I’m also anti-culture. I’m not sure why. I realized this when I saw the title of Frederic Jameson’s The Cultural Turn (1998), and I decided that “culture” had been done to death. Maybe part of the reason behind this is that I feel myself completed disaffected by whatever “culture” exists around me today. Which of course gives me the alienation that’s the ticket to white-cultural-elitism of a certain kind although I’ve yet to find a place to gain admission. Culture, too, just seems to me to be hopelessly reductionist.

I’m reading Hardt & Negri’s Empire for this nebulously conceived list right now, and I was particularly struck by one line from the preface:

We intend this shift of standpoint [from the realm of ideas to that of production] to function something like the moment in Capital when Marx invites us to leave the noisy sphere of exchange and descend into the hidden abode of production.

Maybe it’s because I’m a sucker for anything to do with Marx, but there’s something tremendously poetic, and yet mystifying (in a bad way) about this. I think in recent years, this has actually become a cliché, one which I’ve participated in as well. It goes something like this: take an everyday object around you, like the coffee you’re drinking, and trace it back to its “hidden abode of production,” become horrified by the injustice, and there’s your critique. Here’s how the NYRB review of Kiran Desai’s 2006 Booker-winning The Inheritance of Loss begins:

There are certain fictions upon which fair-minded, relatively affluent citizens of good will base their lives, the first being that we are indeed people of good will. This fiction is allowed by the belief that the infrastructure that makes life possible comes at a cost that is borne mainly by us. We vote to raise taxes, send money to the less fortunate, drink fair-trade coffee, and drive hybrid cars, all in a genuine effort to do the right thing. If, as Aldous Huxley says, the only completely consistent people are dead, then we are very much alive, failing most of the time to wonder how the food got on our plate, or the shirt got on our back, or where the man on the bicycle delivering Chinese take-out lives, or how he got there, too.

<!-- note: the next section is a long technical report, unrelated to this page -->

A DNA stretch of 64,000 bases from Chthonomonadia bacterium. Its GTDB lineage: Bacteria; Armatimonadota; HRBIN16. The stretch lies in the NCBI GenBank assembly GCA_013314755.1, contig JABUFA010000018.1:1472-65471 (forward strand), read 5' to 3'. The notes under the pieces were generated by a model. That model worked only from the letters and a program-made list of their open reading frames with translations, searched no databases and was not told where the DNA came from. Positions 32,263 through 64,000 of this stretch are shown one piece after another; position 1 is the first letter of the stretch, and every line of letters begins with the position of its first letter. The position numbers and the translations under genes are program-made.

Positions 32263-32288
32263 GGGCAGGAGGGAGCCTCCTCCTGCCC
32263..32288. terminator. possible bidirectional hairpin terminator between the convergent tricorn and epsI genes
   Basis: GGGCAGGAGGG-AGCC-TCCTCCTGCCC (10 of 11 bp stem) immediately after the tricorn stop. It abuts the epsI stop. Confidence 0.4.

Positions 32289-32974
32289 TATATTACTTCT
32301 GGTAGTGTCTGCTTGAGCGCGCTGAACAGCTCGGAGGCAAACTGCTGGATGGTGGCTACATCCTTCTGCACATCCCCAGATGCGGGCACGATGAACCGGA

Seek ye out the hidden abode of production, rather than solely making “good” consumer decisions. It’s laudable, but it’s not enough–and I realized this when I hit a part where the reviewer (whom I will not name) completely misses the point:

Here is the immigration debate summed up in two words: can’t and won’t. The economies of scale that allow a place like the Gandhi Café (or the Stars and Stripes Diner, the Baby Bistro, Le Colonial, the Queen of Tarts, and Freddy’s Wok, to name a few of Biju’s previous employers) to compete require the fugitive labor of people like Biju who are willing to work long hours for little pay no matter how miserable the conditions, and no surprise, there are no Americans among them. It is globalization in our front yard, though blessedly hidden from us by the lawn ornaments saying cheap and plentiful, no questions asked. (And anyhow, inexpensive ethnic food makes us feel like global citizens ourselves!)

It’s not just “inexpensive ethnic food” that’s produced by “fugitive labor,” as Desai shows. At one point, Biju works in an expensive French restaurant (he’s fired when he gets into a loud fight with a Pakistani employee), and wonders if in Paris, French people cook French food. No: instead of Guatamalans, Mexicans, and Dominicans, it’s Algerians, Morrocans, Lebanese. White people upstairs (no matter where); coloured people downstairs (no matter where). It’s something I  particularly appreciated. When I was 18 or 19, one summer in Montreal I was having lots of trouble finding a job–not francophone enough, not white enough, not Chinese enough, not man enough, not woman enough. The only thing I found was some dishwashing job in a huge touristy restaurant that served lots of meat. (I’m vegan now, I was vegetarian then.) Dishwashing is fucking tough work. Most of the kitchen staff was brown (the one white quebecois I remember was particularly mean to me), mostly from Arab countries. Most of the wait staff, on the other hand, was white. That’s when I realized how shitty life is for most people in this world, especially most people of colour. But there was nothing particularly “global” about that restaurant, and the food wasn’t inexpensive either. This part of the book was probably the only thing in literature that reminded me of that miserable, eye-opening three-week period of my life before I quit the job.